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Exodus 3, the burning bush

Discussion in '2000-02 Archive' started by Helen, Jul 28, 2002.

  1. Helen

    Helen <img src =/Helen2.gif>

    Aug 29, 2001
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    Something that strikes me as a little funny: when some people try to 'prove' that the Bible is a myth or allegorical or something like that, one of the ways they do it is to ridicule Noah's Flood, or Jonah and the whale, or the 'talking snake' in Eden. But I have never heard Exodus 3 made light of. I have never heard anyone call Moses delusional or the story made up. Maybe I just haven't read enough...

    Moses was attracted to this strange bush out of curiosity -- it was burning but it didn't burn up. Suddenly, face to face with God, he was afraid. Again it needs to be emphasized that the reaction we see over and over again in the Bible when someone is confronted by an angel or God is fear. There is no such thing as a casual encounter with God!

    Moses is eighty now, or almost. Life should be drawing to a close now, or at least soon. He is still strong and agile enough to work as a shepherd, and, in fact, his father-in-law is also still alive and Moses is working for him! It may seem that this would mean his father-in-law was a very old man, but that is not necessarily true. Moses married in his forties. He probably married a girl in her teens or, at the most, early twenties. His father-in-law, therefore, could have been his age or even a bit younger! Of course, he also might have been older.

    At any rate, this is the life Moses figured to live from now until his death.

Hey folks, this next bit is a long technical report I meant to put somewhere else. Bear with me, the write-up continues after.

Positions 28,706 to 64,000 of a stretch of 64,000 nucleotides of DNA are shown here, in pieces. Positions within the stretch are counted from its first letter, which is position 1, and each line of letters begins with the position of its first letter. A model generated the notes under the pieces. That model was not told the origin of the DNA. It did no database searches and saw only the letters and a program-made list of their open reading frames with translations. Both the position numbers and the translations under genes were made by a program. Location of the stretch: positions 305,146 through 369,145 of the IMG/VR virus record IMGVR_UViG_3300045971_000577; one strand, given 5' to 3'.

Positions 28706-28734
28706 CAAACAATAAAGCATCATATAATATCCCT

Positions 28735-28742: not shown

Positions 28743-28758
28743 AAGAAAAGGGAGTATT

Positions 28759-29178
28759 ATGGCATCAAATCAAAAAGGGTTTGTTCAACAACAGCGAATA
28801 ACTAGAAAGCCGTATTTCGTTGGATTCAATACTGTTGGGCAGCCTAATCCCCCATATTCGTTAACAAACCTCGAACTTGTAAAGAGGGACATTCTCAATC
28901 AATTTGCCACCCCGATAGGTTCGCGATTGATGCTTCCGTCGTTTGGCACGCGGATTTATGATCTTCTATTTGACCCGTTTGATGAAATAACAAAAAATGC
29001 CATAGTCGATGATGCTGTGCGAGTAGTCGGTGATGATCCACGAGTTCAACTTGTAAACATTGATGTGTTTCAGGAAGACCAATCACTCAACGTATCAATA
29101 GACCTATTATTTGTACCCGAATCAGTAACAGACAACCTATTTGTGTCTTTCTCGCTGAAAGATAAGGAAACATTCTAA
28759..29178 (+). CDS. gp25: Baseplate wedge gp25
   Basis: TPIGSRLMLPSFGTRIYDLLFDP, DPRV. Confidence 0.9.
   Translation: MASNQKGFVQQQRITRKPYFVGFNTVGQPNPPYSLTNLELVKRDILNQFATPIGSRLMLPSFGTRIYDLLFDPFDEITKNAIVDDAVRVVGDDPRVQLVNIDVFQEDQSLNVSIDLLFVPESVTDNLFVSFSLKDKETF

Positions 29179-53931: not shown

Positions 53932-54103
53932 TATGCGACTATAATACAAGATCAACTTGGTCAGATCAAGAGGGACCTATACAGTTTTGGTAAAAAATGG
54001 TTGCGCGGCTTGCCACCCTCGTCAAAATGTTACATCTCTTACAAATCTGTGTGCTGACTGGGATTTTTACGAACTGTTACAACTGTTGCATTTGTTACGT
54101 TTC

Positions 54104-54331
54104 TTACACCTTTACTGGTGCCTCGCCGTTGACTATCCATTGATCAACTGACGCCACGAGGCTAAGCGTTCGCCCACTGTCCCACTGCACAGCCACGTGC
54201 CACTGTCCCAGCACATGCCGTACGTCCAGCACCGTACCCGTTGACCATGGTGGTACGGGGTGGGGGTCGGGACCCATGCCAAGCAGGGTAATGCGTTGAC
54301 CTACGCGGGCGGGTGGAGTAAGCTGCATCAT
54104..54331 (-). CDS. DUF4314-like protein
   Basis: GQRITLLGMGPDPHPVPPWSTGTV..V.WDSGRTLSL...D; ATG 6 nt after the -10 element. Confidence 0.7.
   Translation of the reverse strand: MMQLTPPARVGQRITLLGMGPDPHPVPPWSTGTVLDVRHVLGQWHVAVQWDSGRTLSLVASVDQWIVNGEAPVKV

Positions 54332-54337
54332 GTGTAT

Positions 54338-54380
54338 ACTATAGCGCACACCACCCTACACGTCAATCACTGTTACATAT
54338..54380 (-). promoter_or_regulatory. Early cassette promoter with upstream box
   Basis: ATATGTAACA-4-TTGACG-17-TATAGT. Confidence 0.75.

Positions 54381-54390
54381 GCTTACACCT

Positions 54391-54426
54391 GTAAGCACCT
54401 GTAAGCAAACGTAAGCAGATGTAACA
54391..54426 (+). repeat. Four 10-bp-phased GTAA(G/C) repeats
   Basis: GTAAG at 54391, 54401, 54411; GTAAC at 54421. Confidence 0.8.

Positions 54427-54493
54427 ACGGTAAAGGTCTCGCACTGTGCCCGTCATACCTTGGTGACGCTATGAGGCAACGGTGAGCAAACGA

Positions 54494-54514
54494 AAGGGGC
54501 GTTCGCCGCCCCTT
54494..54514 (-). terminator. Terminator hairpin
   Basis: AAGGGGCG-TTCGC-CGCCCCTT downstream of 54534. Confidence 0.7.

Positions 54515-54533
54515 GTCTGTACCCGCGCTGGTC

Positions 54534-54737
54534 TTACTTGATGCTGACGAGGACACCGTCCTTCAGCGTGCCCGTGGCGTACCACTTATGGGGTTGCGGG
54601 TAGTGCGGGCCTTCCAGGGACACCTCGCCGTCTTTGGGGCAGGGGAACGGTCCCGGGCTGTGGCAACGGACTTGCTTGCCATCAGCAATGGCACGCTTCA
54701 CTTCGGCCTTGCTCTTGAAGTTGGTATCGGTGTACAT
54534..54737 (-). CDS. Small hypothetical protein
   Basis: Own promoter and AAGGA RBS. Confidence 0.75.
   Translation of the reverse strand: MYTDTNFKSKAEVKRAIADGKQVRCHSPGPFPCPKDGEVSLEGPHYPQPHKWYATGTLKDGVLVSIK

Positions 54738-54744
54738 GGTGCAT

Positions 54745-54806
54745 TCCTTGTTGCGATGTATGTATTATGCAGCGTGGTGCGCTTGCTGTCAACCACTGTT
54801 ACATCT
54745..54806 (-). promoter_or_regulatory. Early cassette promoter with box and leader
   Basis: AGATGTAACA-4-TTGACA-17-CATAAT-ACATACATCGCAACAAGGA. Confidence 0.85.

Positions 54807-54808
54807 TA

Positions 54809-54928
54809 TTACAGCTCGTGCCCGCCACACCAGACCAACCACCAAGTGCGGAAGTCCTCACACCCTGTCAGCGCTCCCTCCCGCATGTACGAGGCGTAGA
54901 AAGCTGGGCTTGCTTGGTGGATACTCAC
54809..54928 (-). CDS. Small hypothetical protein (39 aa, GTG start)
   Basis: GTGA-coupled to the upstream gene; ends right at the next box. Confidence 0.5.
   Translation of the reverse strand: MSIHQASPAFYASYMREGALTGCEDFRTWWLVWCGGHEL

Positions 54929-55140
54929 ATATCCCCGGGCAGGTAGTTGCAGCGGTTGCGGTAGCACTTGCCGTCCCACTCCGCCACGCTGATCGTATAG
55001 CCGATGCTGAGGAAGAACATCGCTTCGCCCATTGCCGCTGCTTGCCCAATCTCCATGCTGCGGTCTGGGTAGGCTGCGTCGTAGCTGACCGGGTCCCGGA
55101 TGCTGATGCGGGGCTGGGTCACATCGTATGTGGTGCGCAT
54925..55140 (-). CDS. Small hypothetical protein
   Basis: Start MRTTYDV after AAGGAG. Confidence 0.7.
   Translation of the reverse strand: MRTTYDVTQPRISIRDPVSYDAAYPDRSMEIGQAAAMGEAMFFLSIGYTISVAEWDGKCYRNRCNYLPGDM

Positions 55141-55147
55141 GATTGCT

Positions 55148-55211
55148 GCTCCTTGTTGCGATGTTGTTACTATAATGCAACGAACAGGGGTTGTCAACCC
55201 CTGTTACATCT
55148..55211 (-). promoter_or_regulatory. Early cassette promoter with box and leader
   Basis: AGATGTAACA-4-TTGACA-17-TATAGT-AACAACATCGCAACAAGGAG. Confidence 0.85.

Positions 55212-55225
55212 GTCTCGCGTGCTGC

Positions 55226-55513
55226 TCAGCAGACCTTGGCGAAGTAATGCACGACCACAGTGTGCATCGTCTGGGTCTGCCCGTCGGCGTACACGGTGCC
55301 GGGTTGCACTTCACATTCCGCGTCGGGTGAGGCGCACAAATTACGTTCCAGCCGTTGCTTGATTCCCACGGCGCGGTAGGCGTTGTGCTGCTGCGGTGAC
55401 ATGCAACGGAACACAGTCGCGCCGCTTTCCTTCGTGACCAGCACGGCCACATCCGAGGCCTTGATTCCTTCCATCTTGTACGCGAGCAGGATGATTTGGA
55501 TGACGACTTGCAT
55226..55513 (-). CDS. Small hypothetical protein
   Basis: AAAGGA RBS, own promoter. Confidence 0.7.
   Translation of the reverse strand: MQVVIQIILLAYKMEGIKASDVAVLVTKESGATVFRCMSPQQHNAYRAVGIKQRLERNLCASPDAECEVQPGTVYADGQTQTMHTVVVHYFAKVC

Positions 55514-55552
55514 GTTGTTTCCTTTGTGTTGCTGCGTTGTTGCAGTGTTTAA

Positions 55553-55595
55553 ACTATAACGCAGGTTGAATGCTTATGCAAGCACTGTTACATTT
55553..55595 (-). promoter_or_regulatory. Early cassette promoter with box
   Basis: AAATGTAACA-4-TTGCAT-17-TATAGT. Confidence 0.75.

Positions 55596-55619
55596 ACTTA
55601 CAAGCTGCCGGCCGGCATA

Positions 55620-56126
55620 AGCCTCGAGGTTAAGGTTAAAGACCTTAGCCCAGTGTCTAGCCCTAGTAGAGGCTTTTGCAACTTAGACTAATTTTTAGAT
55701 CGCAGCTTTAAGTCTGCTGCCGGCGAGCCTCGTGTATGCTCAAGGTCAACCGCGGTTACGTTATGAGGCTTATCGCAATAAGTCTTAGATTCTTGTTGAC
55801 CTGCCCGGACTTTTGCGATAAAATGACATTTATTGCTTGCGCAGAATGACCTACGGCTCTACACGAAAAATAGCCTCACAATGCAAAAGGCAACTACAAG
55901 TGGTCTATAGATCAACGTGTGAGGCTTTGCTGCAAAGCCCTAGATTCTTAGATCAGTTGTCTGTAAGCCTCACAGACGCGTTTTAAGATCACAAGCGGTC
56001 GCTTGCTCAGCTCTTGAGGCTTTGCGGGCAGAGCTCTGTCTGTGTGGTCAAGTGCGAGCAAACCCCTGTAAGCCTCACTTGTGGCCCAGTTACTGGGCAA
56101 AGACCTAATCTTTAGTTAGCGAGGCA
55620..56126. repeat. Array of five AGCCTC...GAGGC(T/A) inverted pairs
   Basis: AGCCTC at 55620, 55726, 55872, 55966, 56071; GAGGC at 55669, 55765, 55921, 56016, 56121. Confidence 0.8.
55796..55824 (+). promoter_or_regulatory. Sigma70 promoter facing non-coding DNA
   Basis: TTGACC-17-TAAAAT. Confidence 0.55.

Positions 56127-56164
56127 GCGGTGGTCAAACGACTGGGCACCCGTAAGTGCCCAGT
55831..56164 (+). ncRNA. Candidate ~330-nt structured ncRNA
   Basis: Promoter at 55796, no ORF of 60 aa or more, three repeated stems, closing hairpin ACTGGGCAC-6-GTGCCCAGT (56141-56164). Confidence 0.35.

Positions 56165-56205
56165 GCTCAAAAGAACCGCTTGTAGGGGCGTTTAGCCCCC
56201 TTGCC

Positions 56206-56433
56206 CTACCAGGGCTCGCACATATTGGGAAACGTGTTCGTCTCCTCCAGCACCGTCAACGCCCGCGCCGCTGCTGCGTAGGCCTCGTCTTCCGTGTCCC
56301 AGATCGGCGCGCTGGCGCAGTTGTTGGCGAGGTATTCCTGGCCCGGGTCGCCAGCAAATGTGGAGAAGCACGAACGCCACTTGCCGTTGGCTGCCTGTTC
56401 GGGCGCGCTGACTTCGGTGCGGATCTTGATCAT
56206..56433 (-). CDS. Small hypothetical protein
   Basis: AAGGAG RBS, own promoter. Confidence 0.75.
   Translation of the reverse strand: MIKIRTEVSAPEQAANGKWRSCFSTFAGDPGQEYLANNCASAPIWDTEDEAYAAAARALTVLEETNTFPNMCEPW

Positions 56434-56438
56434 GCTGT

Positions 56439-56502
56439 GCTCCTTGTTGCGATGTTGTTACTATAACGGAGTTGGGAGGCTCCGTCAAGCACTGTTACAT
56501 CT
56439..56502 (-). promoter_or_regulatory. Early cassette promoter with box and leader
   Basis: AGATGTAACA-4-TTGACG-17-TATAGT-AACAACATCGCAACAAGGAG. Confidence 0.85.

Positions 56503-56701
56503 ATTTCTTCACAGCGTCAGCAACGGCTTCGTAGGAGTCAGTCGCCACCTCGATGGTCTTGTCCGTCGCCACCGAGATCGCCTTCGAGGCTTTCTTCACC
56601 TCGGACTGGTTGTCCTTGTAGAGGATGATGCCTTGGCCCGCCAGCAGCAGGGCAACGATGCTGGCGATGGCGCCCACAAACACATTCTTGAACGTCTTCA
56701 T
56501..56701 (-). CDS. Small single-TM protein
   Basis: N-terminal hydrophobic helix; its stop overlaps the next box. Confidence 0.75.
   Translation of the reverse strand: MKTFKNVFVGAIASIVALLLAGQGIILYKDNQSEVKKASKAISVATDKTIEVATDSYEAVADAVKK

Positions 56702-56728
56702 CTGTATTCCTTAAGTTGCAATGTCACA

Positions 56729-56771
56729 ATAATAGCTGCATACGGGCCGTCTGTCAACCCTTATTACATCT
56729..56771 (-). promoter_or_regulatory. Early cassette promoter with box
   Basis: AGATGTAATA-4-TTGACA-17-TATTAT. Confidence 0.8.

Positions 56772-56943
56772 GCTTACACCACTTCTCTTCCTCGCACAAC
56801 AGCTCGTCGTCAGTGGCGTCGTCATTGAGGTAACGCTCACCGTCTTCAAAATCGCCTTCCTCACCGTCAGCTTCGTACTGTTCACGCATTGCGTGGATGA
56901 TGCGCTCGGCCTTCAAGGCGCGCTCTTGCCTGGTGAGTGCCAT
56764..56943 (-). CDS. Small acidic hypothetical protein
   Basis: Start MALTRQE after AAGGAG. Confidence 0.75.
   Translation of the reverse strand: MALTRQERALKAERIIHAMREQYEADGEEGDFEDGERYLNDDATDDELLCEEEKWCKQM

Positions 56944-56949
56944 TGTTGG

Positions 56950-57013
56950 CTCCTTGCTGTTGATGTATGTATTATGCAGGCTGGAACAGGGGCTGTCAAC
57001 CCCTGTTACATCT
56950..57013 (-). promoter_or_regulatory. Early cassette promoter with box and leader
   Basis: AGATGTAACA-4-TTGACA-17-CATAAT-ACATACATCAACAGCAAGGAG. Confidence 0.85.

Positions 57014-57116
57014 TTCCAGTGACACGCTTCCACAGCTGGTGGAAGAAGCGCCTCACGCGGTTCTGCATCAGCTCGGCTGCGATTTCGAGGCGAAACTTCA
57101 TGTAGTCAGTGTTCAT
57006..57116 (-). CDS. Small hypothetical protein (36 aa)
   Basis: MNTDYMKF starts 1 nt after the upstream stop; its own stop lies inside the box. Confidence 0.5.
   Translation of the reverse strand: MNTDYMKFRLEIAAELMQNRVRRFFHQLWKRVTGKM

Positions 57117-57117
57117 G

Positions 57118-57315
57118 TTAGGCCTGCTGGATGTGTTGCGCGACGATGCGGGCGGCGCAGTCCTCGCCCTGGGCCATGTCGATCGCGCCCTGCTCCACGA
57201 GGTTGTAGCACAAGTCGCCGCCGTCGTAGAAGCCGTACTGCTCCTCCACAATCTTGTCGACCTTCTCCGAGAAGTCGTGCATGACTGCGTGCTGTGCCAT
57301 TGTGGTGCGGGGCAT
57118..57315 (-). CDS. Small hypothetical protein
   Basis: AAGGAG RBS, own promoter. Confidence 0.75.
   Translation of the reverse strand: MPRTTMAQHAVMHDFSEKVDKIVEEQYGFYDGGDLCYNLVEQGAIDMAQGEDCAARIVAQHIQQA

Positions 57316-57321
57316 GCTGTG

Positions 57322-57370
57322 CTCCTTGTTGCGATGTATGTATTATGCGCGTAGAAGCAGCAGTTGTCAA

God figured differently.

    When Moses asks God "Who am I that I should go to Pharaoh and bring the Israelites out of Egypt?" God does NOT tell him "I raised you up for this." God does not answer his question at all. Instead, God says, "I will be with you."

    When Moses asks God for His Name, God tells him, "I AM WHO [or 'that which'] I AM." In the Hebrew, this has a sense of both past and continuing (into the future) present tense and meaning. As such, it ties in with other times God said the same:

    Isaiah 44:6 -- This is what the Lord says --
    Israel's King and Redeemer, the Lord Almighty:
    I am the first and I am the last;
    apart from me thre is no God.

    In John 4, talking to the Samaritan woman at the well, as well as a couple of other times, Jesus used the double "I am" phrase in the Greek "Ego eimi", or "I am I AM", tying Himself directly to the God who spoke to Moses.

    In Revelation 1:17, Jesus identifies Himself to John as I am the First and the Last.

    All of these and more tie together to proclaim the eternal nature of God, the God who spoke to Moses in the burning bush.

    And so God gives the orders to Moses: go to he elders of Israel and proclaim God has spoken. Each woman is to ask her neighbor for things of silver and gold.

    God says it will all come to pass.

    Moses was 80. What an assignment! Go tell Pharaoh to let the people go.
  2. Scarlett O.

    Scarlett O. Well-Known Member
    Site Supporter

    May 22, 2002
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    Hey, I've got another great quote that fits this chapter, too. I saw it yesterday on another site.

    "Earth is crammed with Heaven.
    And every burning bush aflame with God.
    But only those who see take off their shoes."

    Elizabeth Barrett Browning


    Scarlett O.
  3. Clint Kritzer

    Clint Kritzer Active Member
    Site Supporter

    Oct 10, 2001
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